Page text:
Block 217 may be followed by block 219. At block 219, “Create larger selected phrases”, if there are no combinations in which the topical relatedness is below a pre-determined threshold based on the number of hits in the search results, then larger selected phrases are created 219 by combining one or more neighboring words with a selected word/phrase. This process may start with the first selected word/phrase by combining it with the neighboring selected word/phrase to create a larger word/phrase for further combination. The process then repeats using the larger word/phrase combination starting with the step of determining 215 for each combination of selected words/phrases with neighboring words/phrases within the text segment, the combination's topical relatedness.
Block 217 may be followed by block 221. At block 221, “Add word/phrase combinations as inference terms”, if there are any combinations in which the topical relatedness is below a pre-determined threshold based on the number of hits in the search results, then the applicable word/phrase(s) (i.e., those whose topical relatedness is below the pre-determined threshold) are added 221 as inference terms in an inference term table. An example inference term table format appears below.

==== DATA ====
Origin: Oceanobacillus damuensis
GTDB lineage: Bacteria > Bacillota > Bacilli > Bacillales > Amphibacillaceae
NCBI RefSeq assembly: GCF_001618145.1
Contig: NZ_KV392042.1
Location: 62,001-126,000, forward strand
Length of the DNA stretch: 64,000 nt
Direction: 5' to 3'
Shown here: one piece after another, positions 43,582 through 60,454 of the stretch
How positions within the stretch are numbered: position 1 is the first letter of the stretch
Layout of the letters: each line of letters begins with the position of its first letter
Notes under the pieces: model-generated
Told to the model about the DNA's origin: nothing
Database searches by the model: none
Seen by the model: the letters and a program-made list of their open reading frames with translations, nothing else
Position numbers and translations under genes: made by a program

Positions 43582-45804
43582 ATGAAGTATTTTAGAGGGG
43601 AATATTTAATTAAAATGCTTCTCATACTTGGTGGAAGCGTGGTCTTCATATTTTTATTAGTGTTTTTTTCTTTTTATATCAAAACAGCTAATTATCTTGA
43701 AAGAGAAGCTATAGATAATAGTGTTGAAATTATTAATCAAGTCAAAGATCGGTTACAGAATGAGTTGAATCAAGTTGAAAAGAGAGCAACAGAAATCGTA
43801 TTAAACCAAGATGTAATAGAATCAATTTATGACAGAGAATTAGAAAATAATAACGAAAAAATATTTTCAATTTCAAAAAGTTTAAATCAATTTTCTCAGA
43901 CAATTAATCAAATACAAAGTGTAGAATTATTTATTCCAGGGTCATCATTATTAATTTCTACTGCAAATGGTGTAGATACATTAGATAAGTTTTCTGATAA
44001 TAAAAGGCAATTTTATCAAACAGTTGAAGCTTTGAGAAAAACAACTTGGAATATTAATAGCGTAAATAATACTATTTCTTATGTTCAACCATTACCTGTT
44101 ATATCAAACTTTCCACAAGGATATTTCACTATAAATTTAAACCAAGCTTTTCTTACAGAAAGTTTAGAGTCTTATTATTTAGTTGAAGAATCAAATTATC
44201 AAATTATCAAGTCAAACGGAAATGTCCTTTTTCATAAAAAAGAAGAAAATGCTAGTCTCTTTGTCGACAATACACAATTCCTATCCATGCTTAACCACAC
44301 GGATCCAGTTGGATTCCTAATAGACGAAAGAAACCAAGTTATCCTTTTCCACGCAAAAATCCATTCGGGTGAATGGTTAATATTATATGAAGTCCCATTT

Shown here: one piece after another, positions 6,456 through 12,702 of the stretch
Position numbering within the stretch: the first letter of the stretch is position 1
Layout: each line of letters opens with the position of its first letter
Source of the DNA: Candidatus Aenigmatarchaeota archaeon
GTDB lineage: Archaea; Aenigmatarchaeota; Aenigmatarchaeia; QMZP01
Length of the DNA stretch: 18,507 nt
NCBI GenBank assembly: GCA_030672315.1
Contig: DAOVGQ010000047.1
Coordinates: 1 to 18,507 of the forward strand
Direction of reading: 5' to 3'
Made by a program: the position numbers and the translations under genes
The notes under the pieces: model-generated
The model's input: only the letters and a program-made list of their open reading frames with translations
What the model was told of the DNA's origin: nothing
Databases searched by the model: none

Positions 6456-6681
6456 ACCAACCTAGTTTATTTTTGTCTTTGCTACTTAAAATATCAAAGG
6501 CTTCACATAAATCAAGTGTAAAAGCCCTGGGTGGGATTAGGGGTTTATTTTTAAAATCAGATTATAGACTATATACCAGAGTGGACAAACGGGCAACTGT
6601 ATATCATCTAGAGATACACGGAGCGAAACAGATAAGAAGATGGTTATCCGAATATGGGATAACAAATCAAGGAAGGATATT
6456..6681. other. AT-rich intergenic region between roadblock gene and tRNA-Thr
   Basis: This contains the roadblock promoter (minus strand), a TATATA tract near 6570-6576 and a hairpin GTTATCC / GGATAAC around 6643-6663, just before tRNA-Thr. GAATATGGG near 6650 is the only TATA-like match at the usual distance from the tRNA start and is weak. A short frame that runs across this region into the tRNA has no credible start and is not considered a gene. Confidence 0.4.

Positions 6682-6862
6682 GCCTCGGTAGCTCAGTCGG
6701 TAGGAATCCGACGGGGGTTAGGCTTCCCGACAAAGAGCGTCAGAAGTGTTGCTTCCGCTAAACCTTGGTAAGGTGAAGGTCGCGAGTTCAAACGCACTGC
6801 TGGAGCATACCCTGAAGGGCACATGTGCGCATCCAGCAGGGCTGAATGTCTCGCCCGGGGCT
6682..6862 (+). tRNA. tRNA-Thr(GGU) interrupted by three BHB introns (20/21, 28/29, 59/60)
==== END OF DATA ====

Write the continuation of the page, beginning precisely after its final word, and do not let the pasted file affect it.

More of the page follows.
. . .
# of web search
# of web search
# of web search
# of web search
# of web search
# of web search
As shown in the inference term table above, each word phrase is listed across the top and side of the table. The topical relatedness of combinations of word/phrases may be automatically found in the table by looking up one word/phrase of the word/phrase combination in the column and going across the table until the column of the other word/phrase of the word/phrase combination is reached. The resulting location of the table then is one indication of the topical relatedness of the combination in terms of the number of hits in a web search of the combination. A comparatively lower number of hits for a particular combination may also serve as a general indication that the combination would have higher inference strength.